CAPE ST. CLAIRE, Md. — 800,000 federal workers are not getting paid on Friday because of the government shutdown.
On Thursday night, the U.S. Senate voted on a bill to fund back pay for the workers once a deal to restore funding is reached, but it still does little to help families hurting right now.
"It's stressful. Extremely stressful. When you are in the military, you count on that paycheck," Cape St. Claire resident Mandie Jarvis said.
Mandie's husband Keith is on active duty in the Coast Guard, so he's working through the shutdown. He got his last paycheck on December 31, but they don't know when the next one will come.
"I only work 20 hours a week so I can't support our family if he's not getting paid so it's a big hit to us to not have income coming in," Jarvis said.
Now she's forced to think about finding a full time job to support her husband and 15-year-old son while making calls to politicians, hoping they will unite around those who serve. They are hoping Congress passes the Pay Our Coast Guard Act to ensure they are funded through the shutdown. They are the only branched funded out of Department of Homeland Security, not the Department of Defense.
"Active duty members at any time, no matter what is going on in Washington D.C., should be supported by their federal government," Jarvis said. "It's time that Congress stops allowing constituents to push them so far to either side that they can no longer meet in the middle."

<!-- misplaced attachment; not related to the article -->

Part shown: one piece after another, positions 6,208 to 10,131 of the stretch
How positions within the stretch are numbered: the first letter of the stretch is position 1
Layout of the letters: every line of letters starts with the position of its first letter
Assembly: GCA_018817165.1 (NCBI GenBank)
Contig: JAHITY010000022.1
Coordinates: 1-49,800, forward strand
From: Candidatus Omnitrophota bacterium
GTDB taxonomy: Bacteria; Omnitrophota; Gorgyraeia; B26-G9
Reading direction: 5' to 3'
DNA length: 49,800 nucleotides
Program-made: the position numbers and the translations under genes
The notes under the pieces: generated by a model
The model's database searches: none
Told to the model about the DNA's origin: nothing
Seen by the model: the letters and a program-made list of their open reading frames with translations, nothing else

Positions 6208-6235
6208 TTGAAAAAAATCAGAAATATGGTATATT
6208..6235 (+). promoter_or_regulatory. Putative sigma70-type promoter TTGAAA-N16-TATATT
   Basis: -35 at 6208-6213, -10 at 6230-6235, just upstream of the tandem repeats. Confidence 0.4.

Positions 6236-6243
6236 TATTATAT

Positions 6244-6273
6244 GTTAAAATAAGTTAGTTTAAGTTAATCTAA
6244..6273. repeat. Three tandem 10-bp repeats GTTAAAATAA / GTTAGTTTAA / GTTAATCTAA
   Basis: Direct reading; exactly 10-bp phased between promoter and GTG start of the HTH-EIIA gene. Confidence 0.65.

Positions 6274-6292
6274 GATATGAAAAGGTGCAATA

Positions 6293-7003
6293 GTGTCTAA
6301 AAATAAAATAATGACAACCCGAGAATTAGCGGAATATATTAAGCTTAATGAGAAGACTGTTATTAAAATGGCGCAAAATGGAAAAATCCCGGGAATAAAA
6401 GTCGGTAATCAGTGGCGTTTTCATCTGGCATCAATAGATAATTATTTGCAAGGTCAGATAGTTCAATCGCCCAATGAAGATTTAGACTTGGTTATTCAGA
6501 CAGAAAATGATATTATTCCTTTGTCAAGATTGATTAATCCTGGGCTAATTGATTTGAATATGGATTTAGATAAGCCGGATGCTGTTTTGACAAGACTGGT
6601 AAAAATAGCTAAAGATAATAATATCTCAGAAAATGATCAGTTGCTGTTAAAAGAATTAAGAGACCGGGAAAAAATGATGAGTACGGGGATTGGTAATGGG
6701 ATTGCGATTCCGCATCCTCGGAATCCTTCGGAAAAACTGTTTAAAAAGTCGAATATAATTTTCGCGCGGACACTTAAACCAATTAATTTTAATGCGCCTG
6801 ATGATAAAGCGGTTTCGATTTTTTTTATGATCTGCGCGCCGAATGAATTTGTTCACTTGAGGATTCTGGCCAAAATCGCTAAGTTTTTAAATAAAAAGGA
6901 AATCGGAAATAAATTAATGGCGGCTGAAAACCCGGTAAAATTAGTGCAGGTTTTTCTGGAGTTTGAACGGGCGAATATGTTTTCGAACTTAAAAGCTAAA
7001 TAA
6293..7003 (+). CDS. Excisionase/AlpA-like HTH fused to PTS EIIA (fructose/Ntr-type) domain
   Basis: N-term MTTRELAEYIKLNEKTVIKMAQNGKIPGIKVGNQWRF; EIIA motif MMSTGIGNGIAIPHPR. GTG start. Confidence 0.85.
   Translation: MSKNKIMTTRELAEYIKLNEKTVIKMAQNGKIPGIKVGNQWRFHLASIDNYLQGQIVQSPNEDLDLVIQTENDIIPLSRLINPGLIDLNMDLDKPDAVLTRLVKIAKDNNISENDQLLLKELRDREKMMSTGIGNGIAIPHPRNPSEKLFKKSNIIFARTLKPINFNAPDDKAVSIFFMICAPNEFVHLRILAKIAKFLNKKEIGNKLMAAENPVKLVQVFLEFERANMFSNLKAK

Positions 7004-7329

Mandie is hoping the government can meet in the middle, not just for her husband, but for the thousands of federal employees dealing with the shutdown.
"It's a form of disrespect. It's saying you guys don't really matter," NASA Goddard Aerospace Engineer Anel Flores said.
After 35 years at NASA, Flores has been through lots of shutdowns but says this one might be his last.
"It's a lot of apprehension and additional stress that we have to endure and I'm wondering do I really want to do this anymore. I mean this part of it. I enjoy the work. I love the work. I enjoy the people but after 35 years, do I really have to go through this anymore?" Flores said.
As president of Goddard Engineers, Scientists and Technicians Union, Flores hears the impact from co-workers too. Paychecks are supposed to come tomorrow.
"People are already starting to make decisions about what bills they are going to pay; rent, mortgage, child care, college. For me, I have to pay for my daughter's college," Flores said.
Flores will be one of a handful of impacted federal employees meeting with Sen. Ben Cardin, Sen. Chris Van Hollen and Howard County Executive Calvin Ball for a discussion about the shutdown tomorrow at 9 a.m. at Savage Branch Library in Laurel.